0,1 "The question of the Unity of the Divine Principle and the consequent unicity of Nature is particularly important in Islam where the idea of Unity over- shadows all others and remains at every level of Islamic civilization the most basic principle upon which all else depends....The formula of Unity is the most universal criterion of orthodoxy in Islam; that doctrine may be said to be Islamic that affirms this unity in one way or other." (Nasr, pp. 4-5)

0.2 "To demonstrate this unicity they have to appeal constantly to those powers and faculties in man which themselves possess the power of synthesis and unification so that they can integrate the peripheral and multiple activity of the observational faculties into the central and unifying vision of the Intellect." (Nasr, p. 40)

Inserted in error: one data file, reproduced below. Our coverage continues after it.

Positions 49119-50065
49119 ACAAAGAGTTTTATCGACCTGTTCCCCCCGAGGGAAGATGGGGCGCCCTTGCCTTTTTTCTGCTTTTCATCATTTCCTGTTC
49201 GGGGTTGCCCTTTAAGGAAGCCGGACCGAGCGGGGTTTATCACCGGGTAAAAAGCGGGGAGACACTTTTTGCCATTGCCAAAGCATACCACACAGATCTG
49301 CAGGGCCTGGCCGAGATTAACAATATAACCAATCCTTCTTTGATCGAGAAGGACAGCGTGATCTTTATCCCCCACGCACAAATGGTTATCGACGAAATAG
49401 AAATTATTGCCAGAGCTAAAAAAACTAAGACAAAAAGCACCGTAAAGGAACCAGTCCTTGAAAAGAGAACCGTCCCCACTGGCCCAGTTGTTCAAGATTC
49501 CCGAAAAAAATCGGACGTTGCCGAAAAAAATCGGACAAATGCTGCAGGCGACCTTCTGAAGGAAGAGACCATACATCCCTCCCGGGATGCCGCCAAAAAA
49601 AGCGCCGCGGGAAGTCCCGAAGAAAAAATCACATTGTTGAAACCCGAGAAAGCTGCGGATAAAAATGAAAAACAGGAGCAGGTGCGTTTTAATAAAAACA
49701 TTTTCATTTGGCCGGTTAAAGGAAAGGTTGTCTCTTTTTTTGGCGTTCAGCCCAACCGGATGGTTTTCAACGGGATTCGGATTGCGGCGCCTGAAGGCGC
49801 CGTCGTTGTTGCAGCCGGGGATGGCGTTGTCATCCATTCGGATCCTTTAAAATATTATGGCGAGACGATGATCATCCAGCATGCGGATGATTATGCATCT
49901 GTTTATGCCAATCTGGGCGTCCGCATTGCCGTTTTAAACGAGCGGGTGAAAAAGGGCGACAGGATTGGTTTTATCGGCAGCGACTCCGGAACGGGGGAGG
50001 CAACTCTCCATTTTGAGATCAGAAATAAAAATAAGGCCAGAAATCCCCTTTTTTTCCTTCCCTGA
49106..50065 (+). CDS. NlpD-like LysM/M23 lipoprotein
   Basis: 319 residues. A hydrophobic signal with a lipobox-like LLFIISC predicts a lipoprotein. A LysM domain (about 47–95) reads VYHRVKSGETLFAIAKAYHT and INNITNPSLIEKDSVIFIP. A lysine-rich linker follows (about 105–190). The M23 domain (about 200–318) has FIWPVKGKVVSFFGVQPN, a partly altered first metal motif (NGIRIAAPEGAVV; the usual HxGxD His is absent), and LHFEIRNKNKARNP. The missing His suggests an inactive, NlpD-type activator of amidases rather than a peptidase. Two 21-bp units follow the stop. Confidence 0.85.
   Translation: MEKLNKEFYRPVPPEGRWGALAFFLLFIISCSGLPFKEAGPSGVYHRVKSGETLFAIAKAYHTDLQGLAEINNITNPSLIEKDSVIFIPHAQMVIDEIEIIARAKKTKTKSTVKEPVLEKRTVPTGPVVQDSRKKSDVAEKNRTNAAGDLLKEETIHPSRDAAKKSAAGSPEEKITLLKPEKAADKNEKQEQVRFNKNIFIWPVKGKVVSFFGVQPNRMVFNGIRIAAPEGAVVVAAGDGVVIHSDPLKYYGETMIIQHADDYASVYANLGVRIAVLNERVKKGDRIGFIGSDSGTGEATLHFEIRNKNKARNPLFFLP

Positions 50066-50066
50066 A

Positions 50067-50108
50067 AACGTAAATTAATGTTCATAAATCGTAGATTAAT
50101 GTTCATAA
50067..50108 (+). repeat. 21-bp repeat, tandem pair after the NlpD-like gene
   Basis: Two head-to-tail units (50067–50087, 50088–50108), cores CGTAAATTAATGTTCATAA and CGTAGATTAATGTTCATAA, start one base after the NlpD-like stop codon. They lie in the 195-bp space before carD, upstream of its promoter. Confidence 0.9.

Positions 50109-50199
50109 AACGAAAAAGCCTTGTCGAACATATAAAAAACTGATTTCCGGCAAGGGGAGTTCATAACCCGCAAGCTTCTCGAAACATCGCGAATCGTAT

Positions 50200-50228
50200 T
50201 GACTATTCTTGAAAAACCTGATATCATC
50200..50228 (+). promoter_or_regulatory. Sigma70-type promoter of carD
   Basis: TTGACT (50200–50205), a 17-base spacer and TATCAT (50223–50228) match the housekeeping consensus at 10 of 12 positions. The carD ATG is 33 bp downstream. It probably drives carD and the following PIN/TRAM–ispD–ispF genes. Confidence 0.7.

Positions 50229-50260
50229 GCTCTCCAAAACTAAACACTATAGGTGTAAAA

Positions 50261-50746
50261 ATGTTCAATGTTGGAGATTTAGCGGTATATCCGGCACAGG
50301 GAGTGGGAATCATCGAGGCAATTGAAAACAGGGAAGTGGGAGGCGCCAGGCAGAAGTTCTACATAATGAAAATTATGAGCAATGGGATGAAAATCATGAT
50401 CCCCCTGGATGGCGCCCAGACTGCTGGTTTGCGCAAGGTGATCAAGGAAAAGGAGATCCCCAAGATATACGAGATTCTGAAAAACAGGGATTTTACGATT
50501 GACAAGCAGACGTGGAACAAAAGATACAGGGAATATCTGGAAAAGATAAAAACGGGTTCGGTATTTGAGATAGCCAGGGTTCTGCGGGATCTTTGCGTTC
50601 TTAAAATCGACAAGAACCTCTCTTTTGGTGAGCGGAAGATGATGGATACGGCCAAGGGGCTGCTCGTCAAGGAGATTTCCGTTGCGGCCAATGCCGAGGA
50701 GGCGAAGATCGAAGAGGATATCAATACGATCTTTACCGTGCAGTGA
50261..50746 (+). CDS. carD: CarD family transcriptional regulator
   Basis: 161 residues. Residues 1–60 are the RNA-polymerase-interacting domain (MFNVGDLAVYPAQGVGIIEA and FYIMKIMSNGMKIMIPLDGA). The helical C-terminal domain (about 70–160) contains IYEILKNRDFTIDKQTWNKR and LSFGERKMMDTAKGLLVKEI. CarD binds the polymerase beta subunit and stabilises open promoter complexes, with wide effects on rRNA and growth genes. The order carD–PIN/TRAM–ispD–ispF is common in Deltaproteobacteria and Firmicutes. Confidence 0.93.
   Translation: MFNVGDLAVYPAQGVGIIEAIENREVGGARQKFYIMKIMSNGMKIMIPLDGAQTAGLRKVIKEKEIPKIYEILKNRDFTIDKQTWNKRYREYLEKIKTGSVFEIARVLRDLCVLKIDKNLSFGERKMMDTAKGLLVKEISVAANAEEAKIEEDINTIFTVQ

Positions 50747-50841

0,3 "The universe described...is a unified whole whose various parts are held together by the analogy which exists between them....The language with which this interrelation is expounded is that of symbolism, particularly numerical symbolism. Everywhere within the Universe the key to the understanding of things is numbers, which, like the morning sun, disperse the fog of the unintelligibility of things considered only in their terrestrial aspect.... through numbers they are able to relate multiplicity to Unity and bring to light the harmony which pervades the Universe." (Nasr, pp. 44-5)

0,4 "The science of number ('ilm al-'adad) is consideredby the Ikhwan as the way leading to the grasp of Unity, as a science which stands above Nature and is the principle of beings and the root of other sciences....the 'tongue which speaks of Unity and transcendence'." (Nasr, p. 46)